Tangerine dream as Tsang plays waiting game

Top News | Flora Chung 13 Jan 2017

Financial Secretary John Tsang Chun- wah yesterday placed pots of tangerine trees at his home - seen as a way to bring him good fortune if he stands in the chief executive election.

Tangerine trees symbolize "luck" in Chinese culture and is the festive plant for Lunar New Year.

Up to today, Tsang has been waiting for 32 days for Beijing to endorse his application to resign, which he tendered on December 12.

While Lam resigned in a high-profile manner yesterday, exactly a month after Tsang left his post, and announced she would run for chief executive, Tsang did not mention he would run for the top job when he appeared in a resignation press conference on December 12, also made at the Central Government Offices in Tamar. He remained quiet yesterday without making any public appearance.

About 20 pots of tangerines and yellow chrysanthemums were seen delivered to the official residence of the financial secretary on Shouson Hill Road in Deep Water Bay yesterday.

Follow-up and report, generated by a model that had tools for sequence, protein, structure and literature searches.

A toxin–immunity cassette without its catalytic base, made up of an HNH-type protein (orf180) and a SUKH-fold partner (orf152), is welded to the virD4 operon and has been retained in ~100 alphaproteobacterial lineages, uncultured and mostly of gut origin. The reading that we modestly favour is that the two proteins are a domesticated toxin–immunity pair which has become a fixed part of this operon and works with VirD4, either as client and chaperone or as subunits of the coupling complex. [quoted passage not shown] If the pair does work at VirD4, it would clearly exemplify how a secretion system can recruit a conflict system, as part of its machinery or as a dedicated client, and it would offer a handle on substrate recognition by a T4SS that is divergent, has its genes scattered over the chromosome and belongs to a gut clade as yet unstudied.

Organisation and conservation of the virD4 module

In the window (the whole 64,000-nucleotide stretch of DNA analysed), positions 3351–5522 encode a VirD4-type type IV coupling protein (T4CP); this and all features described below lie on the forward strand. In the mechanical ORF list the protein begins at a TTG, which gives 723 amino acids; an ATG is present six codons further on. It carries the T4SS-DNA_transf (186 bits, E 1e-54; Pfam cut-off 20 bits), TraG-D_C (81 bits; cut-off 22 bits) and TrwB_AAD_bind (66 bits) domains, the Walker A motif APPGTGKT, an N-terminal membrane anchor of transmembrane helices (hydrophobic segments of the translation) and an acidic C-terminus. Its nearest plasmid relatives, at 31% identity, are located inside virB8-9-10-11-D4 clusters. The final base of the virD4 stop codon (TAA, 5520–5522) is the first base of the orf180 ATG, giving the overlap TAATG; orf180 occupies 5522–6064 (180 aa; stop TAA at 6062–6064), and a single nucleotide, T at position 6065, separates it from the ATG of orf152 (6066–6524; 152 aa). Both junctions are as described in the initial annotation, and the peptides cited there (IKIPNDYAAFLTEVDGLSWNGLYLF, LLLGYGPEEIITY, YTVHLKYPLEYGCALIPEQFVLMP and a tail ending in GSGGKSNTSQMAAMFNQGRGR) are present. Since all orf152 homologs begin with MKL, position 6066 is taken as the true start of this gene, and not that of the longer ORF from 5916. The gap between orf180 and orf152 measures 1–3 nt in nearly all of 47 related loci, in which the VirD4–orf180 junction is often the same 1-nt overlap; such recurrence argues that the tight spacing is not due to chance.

It was surmised that Tsang wanted to drive away "bad luck" as he awaits Beijing's "green light" to join the chief executive race on March 26.

Tsang is determined to run for the top job. He apparently has a plan up his sleeve in case a possible "red light" from Beijing prevent him from joining the chief executive race.

This includes attracting pan- democrat support as it is still unsure whether he will successfully gain 150 nominations from the 1,194-member Election Committee.

Tsang is also said to be considering raising money for his election campaign through online crowdfunding.

Chan Wing-kee, a Chinese People's Political Consultative Conference Standing Committee member, expected that Beijing would approve the resignation of Tsang and Lam at the same time.

With two top officials quitting, Chan said it inevitably affects the administration's operation but he does not think the impact will be great as there is a system in the SAR government's administration to cover it.

Asked which candidate or likely runner he supports, Chan said it depends on their election platforms, but he believes only two or three candidates will run in the end.



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